The Missouri Supreme Court has ruled that the Missouri Department of Conservation has the authority to regulate the captive deer industry in an effort to control the spread of a deadly deer disease.
The Missouri Supreme Court unanimously decided on July 3 that all deer are wildlife and therefore can be regulated by the Missouri Department of Conservation and the Missouri Conservation Commission under the state constitution.
Article IV Section 40(a) of the Missouri Constitution grants the Conservation Commission, “control, management, restoration, conservation and regulation of the bird, fish, game, forestry and all wildlife resources of the state.”
The Supreme Court ruled this includes all deer, no matter if they are in the wild or behind a fence.
The dispute between the state agency and the captive deer industry began after the Missouri Department of Conservation passed regulations in 2014 that attempted to reduce the spread of chronic wasting disease (CWD) in the state by limiting the importation of deer.
CWD is a deadly deer illness that is passed from deer-to-deer through direct contact and through contact with soil, food and water.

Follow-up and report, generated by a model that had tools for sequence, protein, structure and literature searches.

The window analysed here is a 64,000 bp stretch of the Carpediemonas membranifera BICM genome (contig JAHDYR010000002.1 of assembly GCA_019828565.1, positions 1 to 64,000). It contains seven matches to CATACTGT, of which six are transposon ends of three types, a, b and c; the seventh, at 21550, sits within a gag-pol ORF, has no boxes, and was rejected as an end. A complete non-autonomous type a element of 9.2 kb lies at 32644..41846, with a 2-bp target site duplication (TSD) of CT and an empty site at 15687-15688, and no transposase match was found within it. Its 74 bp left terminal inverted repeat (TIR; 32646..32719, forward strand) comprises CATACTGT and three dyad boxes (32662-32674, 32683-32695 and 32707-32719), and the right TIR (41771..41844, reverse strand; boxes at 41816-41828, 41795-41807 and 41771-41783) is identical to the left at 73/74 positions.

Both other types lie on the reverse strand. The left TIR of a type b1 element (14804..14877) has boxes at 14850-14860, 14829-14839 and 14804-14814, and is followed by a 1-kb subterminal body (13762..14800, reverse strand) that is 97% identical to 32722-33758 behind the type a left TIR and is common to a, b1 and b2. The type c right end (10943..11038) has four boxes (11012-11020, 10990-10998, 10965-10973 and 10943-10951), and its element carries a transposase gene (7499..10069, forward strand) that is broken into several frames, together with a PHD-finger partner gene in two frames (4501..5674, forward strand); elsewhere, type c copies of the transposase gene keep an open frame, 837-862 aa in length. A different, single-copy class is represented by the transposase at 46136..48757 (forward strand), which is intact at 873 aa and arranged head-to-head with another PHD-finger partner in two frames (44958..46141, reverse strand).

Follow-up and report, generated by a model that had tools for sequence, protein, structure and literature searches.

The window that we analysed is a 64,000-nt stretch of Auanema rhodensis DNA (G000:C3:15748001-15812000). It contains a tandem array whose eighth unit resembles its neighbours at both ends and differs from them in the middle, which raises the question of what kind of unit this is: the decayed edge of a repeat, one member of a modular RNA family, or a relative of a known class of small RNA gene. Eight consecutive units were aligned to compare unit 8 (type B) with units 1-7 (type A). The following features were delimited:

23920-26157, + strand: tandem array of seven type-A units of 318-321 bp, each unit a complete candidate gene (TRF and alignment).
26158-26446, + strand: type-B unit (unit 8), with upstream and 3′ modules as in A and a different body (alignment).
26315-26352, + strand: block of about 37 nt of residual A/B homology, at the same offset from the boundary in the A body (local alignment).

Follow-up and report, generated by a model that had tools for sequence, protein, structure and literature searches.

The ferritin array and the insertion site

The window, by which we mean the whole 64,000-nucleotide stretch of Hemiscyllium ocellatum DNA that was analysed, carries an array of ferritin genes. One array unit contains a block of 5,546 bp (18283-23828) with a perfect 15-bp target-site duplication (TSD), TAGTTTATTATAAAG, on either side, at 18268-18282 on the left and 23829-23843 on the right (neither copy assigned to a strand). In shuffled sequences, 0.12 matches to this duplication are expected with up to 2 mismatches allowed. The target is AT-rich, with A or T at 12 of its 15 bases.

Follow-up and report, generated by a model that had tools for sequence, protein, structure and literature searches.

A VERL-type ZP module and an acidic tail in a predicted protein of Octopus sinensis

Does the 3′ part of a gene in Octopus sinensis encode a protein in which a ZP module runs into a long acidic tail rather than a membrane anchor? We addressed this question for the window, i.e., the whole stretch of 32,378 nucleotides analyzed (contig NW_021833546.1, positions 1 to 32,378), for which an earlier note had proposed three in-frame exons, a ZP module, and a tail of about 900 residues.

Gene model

According to the conservation department, the disease was first discovered in the state at captive facilities in Linn and Macon Counties in 2010 and 2011. A total of 11 cases were confirmed in captive deer at the facilities.
The captive deer industry argued in court that the deer should be classified as livestock and regulated under the Department of Agriculture. In addition, they stated that the regulations put in place infringes on their right to farm and could financially harm their businesses.
In its decision, the court reversed a lower court ruling that favored the hunting preserves, saying there is no question that deer are wildlife.
In a statement, the Missouri Conservation Commission said it hopes to work with hunting preserves going forward.
“The commission will be working closely and in collaboration with hunting preserves and wildlife-breeding facilities to ensure regulation compliance and to minimize the risk associated with the movement and holding of captive deer,” the statement said. “The goal is to help protect Missouri’s deer herd, now and into the future, from the 100 percent fatal chronic wasting disease, which has advanced across the Missouri landscape since it was first found in 2010.”
The court’s ruling will mean the regulations that had been set to go into effect on Jan. 1, 2015, will begin to be enforced.
In addition to barring white-tailed deer, mule deer and other hybrids from being imported into Missouri, breeders would face new record-keeping and permitting requirements under the new rules.